There is literally, figuratively, metaphorically, historically, morally/ethically, spiritually or psychologically any cause, purpose, goal or ambition that qualifies as adequate warrant and justification for this carnage. Without even a bare minimum of rationale, even from a Russian perspective, this invasion, like the war in Iraq back in 2003, is without adequate or even modest justification. Trouble is, the first in 2003 can and will be used as just comparison for today’s Kremlin. And American history, itself, is replete with accounts of what is termed ‘the domino theory’.

In a conversation with Robert Sheer recorded for truthdig.com, January 10, 2020, in a piece entitled: “Noam Chomsky: America Has built a Global Dystopia,”           the noted linguistic scholar and eminent critic of American foreign policy, Noam Chomsky, in discussion the “domino theory” of American foreign policy says this:

‘The idea was put nicely by Henry Kissinger: when there’s a virus that spreads contagion-the virus is independent development, out of control of the Unite States. If that spreads contagion to others, we’re in trouble. Others will follow the same rule; the system of domination and control will erode. How do you deal with a virus that’s spreading contagion? Well, you kill the virus and inoculate the victims to they won’t be infected. That’s exactly what we don’t in Vietnam. Vietnam was smashed. It’s not going to be a model to anybody.  Surrounding countries were inoculated by imposing vicious, brutal military dictatorships. No infection there; they’re going to be controlled.

As a role model of international power, the United States has much to atone for; and as a model for atonement, the U.S. is derelict in public considering atonement. After years, this week, the Pope publicly apologized, asked for forgiveness and expressed deep sorrow for the abuse of indigenous children in Canadian residential schools for decades. A coterie of indigenous leaders travelled to the Vatican to elicit the apology, and many have returned to Canada seeking the Pope’s actual presence in this country, to meet with the survivors of the multiple tragedies, and to steep himself in their pain even further.

The question of identification with the victims of war, regardless of whether that war was begun by any power, is one with which the world is again trying to grapple. Punishment, accountability, and even revenge, on the part of the war victims, especially in a case where there is no apparent and legitimate cause that provoked the conflict, is bandied about by journalists, asking, as Andrea Mitchell did on MSNBC to Secretary of State, Anthony Blinken, “Will Putin be prosecuted for these war crimes?” And, of course, Blinken paused and affirmed that he would, but it would take time. Others have pointed to previous judgements of war criminals up to two decades after they committed their war crimes. Obviously, the pace of public culture has quickened and the pace of justice has not kept pace.

Identification with victims, horror, fear and profound anxiety will not bring Putin to his knees. Legal investigations, gathering of copious evidence, especially through social media, and the extensive prosecutorial process of interpreting and then assigning responsibility to specific individuals….that is a very long process. And the perpetrators could well be dead before the process has gather full strength, and certainly before a judgement is rendered.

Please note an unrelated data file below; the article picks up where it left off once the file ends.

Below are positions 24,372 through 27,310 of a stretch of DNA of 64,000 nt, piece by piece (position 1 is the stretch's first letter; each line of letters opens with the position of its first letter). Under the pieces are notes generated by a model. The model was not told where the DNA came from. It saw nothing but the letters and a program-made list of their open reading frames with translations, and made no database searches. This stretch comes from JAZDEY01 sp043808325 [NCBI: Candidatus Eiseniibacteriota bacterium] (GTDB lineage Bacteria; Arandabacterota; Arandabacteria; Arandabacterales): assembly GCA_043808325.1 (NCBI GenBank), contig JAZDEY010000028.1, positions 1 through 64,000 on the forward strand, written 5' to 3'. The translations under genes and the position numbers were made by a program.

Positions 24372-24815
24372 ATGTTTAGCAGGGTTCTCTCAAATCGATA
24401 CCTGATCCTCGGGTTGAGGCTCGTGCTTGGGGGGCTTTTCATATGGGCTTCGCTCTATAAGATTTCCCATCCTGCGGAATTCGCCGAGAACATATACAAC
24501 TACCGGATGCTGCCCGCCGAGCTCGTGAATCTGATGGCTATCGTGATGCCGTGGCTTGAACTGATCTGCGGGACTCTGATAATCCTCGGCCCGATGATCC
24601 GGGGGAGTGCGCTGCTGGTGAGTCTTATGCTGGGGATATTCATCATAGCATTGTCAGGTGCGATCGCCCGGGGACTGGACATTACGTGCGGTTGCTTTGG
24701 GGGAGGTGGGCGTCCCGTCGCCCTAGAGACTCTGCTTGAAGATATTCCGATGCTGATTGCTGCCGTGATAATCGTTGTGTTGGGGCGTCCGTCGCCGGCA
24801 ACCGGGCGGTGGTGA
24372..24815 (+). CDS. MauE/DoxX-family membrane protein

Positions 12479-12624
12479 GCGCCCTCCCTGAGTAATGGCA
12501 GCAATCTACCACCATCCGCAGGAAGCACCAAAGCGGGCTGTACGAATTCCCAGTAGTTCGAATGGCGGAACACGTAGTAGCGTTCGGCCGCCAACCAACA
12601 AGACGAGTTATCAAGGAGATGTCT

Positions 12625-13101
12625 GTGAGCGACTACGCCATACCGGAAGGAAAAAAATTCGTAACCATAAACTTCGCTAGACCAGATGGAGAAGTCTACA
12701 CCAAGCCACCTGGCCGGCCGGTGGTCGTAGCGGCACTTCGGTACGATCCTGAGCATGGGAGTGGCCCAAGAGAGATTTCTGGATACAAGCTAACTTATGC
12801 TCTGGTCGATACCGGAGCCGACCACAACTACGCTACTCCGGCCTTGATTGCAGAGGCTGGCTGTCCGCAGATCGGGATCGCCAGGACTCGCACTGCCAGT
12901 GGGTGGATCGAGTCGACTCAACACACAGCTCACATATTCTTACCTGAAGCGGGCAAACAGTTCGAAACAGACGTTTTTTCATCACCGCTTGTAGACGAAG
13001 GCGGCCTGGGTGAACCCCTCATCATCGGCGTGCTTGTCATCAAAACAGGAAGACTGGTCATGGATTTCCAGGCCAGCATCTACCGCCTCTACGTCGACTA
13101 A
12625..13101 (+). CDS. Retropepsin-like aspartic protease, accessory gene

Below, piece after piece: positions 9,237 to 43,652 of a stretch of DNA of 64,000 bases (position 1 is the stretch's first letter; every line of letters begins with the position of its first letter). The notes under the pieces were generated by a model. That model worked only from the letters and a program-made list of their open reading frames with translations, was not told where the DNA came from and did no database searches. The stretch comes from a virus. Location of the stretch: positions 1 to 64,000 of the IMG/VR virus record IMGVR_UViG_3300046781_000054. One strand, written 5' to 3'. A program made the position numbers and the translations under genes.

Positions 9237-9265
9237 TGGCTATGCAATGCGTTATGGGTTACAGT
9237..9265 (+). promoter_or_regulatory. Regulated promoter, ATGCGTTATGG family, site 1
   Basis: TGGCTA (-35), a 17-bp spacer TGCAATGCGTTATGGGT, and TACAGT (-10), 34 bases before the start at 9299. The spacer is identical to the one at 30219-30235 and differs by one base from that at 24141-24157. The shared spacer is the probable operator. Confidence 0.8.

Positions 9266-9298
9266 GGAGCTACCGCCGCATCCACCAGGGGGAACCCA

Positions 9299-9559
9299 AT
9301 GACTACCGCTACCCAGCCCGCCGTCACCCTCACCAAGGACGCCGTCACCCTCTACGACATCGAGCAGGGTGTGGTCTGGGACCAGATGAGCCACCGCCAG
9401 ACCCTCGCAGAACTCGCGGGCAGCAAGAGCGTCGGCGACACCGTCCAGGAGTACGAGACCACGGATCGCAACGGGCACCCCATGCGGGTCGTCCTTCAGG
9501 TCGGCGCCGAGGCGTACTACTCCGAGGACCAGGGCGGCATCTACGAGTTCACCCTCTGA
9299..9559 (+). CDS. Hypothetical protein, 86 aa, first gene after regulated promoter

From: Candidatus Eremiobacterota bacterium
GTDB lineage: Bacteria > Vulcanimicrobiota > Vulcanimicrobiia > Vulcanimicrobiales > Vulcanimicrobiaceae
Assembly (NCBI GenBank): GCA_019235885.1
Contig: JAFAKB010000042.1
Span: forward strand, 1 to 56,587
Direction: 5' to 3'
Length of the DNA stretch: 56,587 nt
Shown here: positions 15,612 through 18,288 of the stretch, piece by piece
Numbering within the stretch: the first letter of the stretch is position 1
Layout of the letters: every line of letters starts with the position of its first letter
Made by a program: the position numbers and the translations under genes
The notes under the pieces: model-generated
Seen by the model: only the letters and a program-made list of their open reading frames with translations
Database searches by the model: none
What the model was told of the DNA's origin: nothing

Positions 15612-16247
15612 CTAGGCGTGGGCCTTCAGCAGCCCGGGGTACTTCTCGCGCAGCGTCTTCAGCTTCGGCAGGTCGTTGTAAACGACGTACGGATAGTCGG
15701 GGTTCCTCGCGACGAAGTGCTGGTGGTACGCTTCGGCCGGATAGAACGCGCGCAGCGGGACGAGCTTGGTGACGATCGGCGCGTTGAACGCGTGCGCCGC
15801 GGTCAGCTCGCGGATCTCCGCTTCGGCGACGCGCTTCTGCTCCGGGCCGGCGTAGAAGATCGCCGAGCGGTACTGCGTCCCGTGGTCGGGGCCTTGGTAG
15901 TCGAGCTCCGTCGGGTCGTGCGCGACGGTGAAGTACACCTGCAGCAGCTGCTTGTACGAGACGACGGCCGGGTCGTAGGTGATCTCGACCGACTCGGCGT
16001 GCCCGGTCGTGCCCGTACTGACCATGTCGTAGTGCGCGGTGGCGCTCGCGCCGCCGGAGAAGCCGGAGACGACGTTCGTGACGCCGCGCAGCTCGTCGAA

We can see evidence that Putin is undeterred, given the multiple American examples of unjust war, deception about those unjust and unjustified wars, not to mention the ‘topsy’ size and speed of the growth of NATO, immediately following the collapse of the Soviet Union. That is not to offer any support or justification for what Putin is and will continue to do in Ukraine. Nor does it offer any hope that his ambition will be stopped at the Polish-Ukraine border.

War not only produces “no winners” but also produces imitative models, justified in manners that were previously used by others of history’s so-called heroes. It is the glorification of military conflict, and the lengths to which the world, and that includes all of the various corners and compartments of human civilization (previously excepting Switzerland, which has abandonded her historic neutrality following the invasion of Ukraine by Russian forces) that the people of the planet have to come to terms with. And we will not do that, so long as American and  others, continue to manufacture and market and sell and distribute military material around the globe, as an integral component of her Gross National Product. Pride in the latest, the most lethal, and the most speedy, and the most technologically superior missile, drone, fighter jet or even missile defence system, and all of the sub-systems, including recruiting of innocent young men and women, and the concomitant “training” in the tactics and strategies and the need for war (of course, as protection of our national security) as well as the military build-up that will inevitably follow this latest bloodshed….these are all normalized and conventionally inculcated into our shared unconscious, as a part of our delusion into thinking that we are more and better protected.

Watching the invasion of Chernobyl, and the potential occupation of other nuclear sites in Ukraine, by Russian forces, is just another ‘red flag’ without Putin having even to open his mouth in threatening terms. Similarly, the casting of responsibility on Ukrainian forces for the dead bodies in the streets of serval cities, following the exit of Russian forces, is just another of the many toxic examples of lies, deceptions and deviations, inherent to all snakes.